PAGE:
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University of Regina students’ COVID-19 test results negative

File / Global News

The COVID-19 test results for two University of Regina students who were in self-isolation have come back negative, the university confirmed Saturday morning.

On March 12 Global News learned that two students showing “flu-like” symptoms were asked to self-isolate by school officials and the Saskatchewan Health Authority.

The students had been self-isolating on campus. The university reiterated Saturday that they have no confirmed cases of the virus to date.

READ MORE: Saskatchewan confirms second presumptive case of COVID-19: Ministry of Health

Late Friday afternoon, the university announced that all non-essential events on and off campus not “directly tied to the academic progress of students” have been cancelled until April 30, when the situation will be reassessed.

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Saturday morning University of Regina Provost and Vice-President Academic Thomas Chase confirmed all classes and labs, both face-to-face and online, are suspended from March 16 through March 19. During this time they say the school will remain open.

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He said the suspension will reduce the potential for the virus to spread and will give faculties time to prepare coursework for remote delivery going forward.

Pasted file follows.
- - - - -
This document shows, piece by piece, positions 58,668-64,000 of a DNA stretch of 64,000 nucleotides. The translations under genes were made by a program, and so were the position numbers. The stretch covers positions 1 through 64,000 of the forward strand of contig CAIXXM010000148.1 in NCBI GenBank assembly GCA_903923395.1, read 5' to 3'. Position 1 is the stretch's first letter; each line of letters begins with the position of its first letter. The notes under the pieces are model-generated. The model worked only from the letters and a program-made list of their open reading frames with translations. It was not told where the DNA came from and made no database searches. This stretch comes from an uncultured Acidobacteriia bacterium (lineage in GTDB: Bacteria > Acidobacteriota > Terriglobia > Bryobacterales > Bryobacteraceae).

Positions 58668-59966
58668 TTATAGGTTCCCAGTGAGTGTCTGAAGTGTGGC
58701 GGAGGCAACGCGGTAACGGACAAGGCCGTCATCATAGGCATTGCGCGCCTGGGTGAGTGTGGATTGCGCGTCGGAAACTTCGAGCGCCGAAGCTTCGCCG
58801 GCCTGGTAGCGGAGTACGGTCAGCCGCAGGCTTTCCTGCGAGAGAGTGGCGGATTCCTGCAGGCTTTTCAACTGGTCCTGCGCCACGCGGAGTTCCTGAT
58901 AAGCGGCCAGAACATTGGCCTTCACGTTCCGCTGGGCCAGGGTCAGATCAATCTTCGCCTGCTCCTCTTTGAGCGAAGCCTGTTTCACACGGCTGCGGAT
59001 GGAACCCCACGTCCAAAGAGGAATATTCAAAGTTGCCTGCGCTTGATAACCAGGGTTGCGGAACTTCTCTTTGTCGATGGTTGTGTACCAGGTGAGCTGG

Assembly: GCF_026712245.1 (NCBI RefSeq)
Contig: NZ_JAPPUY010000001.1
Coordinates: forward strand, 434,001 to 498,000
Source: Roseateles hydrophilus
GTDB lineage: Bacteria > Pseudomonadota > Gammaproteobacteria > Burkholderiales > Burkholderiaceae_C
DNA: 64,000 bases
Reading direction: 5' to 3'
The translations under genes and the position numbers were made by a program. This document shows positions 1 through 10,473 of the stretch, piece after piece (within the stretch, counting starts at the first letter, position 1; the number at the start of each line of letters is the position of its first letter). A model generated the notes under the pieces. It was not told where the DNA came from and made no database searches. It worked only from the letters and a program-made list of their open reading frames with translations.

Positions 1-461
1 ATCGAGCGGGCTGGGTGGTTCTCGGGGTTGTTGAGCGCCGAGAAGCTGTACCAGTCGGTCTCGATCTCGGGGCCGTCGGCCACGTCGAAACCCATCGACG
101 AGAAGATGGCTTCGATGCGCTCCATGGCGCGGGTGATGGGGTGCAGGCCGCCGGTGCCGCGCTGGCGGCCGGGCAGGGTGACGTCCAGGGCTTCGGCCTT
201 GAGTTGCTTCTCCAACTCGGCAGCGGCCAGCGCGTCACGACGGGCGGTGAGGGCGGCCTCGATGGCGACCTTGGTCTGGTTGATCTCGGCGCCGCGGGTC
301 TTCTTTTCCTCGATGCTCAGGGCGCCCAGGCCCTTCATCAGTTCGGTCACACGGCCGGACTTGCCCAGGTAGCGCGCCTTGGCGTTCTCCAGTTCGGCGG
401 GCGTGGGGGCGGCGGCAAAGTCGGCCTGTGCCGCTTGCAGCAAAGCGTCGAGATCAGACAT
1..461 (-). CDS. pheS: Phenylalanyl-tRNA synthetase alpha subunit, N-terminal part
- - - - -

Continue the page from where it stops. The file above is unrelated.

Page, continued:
Thomas added that no face-to-face instruction will take place for the rest of the term, “given the gravity of the COVID-19 challenge”.

Classes are set to resume the morning of Friday, March 20 at a “distance only”.

The school has said they’re following the advice of the Saskatchewan Health Authority and the Public Health Agency of Canada as the pandemic unfolds.

READ MORE: USask temporarily suspends classes, will move to remote learning amid COVID-19 concerns

Concerned about COVID-19? Here are some things you need to know:

Health officials say the risk is very low for Canadians, but they caution against travel to affected areas (a list can be found here). If you do travel to these places, they recommend you self-monitor to see whether you develop symptoms and if you do, to contact public health authorities.

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Symptoms can include fever, cough and difficulty breathing – very similar to a cold or flu. Some people can develop a more severe illness. People most at risk of this include older adults and people with severe chronic medical conditions like heart, lung or kidney disease.

To prevent the virus from spreading, experts recommend frequent handwashing and coughing into your sleeve. And if you get sick, stay at home.

For full COVID-19 coverage from Global News, click here.

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